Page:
In mid August, the signs for each party’s candidates started to be posted in their corresponding districts (the large parties nominated candidates and they were responsible for accumulating votes in their neighborhoods in an effort to gain total votes for the party at large, not just individually). The signs were all very German, seemingly restricted by specifications of size, material, content and the locations where they could be posted. The dominate parties were most prominently displayed – The CDU (Christian Democratic Party), The SPD (Social Party of Democrats) and the “liberal” Green Party. The signs were simple in design, having a picture of the respective candidate, their party affiliation, and not much else, all in monochromatic and stoic colors with simple, nondescript font.

One day walking through the edgy, more alternative neighborhood of Kreuzberg I saw a sign that didn’t look like the others. It bore a picture of a young, bald, smiling white man. The poster looked as though it had been altered via Photoshop. There were bright hues of blue and yellow and it seemed alien to the brethren banners from the other parties. The smile on this man seemed exaggerated and a little bit jarring in a way, and it was very eye catching. Below some quote in German (that I struggled to translate) was the a logo for Piraten Partei in which the “P” in “pirate” cleverly took the shape of a pole and flag, making a bold reference statement of staking their claim on the more conservative stance of the popular parties.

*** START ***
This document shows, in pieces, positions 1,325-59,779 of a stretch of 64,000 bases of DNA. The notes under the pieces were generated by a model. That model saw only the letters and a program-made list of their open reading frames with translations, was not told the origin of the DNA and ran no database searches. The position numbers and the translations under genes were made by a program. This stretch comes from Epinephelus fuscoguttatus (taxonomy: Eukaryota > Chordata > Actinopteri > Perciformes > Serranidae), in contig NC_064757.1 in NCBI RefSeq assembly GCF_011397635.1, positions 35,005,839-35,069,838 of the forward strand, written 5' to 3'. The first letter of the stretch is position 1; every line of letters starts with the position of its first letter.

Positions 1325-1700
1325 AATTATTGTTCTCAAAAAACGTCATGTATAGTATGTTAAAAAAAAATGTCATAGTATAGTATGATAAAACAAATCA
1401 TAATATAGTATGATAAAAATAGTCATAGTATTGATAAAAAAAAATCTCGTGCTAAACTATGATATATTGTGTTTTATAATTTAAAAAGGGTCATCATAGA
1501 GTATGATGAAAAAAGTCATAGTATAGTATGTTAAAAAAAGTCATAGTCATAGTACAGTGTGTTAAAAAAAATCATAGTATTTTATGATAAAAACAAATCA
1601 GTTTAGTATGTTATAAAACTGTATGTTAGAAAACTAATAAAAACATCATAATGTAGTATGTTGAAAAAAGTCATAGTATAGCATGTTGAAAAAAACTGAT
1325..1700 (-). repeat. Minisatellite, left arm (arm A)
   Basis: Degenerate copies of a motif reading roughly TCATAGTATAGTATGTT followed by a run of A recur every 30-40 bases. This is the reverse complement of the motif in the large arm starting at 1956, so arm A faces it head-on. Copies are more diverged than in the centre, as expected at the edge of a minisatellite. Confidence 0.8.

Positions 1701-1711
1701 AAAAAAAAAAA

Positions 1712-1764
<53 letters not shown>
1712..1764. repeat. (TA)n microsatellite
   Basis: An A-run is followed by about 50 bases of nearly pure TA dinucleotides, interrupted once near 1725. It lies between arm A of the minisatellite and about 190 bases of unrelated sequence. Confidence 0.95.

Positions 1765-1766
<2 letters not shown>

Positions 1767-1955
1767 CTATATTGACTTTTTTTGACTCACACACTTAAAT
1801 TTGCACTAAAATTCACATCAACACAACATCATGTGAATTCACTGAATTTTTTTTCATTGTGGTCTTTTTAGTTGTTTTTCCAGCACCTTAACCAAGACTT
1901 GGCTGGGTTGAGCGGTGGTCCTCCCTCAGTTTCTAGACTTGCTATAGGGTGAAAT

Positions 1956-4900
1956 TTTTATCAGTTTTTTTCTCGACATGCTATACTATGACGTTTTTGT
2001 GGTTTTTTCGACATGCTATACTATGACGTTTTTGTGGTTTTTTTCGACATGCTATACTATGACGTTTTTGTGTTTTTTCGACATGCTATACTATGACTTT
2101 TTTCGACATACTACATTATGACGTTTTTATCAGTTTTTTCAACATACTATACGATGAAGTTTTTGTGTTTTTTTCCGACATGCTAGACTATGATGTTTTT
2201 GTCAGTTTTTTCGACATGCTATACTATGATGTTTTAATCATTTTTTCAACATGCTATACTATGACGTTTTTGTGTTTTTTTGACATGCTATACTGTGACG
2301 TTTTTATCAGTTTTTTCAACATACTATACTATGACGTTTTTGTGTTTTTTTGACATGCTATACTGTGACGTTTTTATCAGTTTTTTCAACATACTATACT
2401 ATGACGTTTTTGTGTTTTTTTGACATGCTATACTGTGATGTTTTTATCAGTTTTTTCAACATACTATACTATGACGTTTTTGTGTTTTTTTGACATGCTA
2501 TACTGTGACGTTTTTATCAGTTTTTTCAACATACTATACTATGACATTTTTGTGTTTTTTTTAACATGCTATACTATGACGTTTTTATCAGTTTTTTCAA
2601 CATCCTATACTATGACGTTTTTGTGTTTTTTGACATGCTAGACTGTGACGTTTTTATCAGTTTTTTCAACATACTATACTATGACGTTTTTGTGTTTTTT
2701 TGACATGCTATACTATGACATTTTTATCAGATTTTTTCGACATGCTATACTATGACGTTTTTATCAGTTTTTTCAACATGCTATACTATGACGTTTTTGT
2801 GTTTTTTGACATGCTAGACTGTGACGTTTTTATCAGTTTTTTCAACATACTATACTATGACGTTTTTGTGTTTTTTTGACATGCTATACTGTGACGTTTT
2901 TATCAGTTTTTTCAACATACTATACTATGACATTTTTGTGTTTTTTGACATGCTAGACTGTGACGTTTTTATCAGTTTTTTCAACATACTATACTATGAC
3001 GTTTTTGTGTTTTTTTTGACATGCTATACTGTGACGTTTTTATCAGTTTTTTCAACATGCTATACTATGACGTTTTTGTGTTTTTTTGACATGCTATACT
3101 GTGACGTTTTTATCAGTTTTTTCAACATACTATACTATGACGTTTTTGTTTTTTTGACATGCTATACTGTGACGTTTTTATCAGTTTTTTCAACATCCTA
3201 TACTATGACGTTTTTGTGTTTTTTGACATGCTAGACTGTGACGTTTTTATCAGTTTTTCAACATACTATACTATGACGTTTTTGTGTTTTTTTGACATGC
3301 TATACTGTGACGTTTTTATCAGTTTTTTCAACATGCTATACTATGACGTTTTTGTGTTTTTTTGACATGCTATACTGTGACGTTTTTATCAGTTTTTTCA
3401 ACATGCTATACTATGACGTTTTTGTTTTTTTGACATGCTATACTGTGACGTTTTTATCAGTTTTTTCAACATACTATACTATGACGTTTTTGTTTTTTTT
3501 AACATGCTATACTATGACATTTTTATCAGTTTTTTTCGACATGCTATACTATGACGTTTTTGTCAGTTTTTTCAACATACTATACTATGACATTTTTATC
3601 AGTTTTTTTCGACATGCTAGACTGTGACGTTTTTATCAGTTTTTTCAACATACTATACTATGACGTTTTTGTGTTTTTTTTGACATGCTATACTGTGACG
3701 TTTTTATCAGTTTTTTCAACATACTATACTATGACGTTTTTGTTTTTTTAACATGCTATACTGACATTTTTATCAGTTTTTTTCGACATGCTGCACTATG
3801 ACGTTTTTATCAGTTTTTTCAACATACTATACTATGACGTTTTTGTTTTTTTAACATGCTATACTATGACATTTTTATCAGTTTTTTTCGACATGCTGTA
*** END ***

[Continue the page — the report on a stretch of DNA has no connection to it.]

Soon I was engaging in conversations about politics, much to my amazement and not so much to my chagrin. The posters were popping up everywhere and word of their campaign was all over the news. Preliminary polls put them just below the percentage they needed to win seats in the parliament, and it seemed as though the public was fascinated in both positive and negative ways.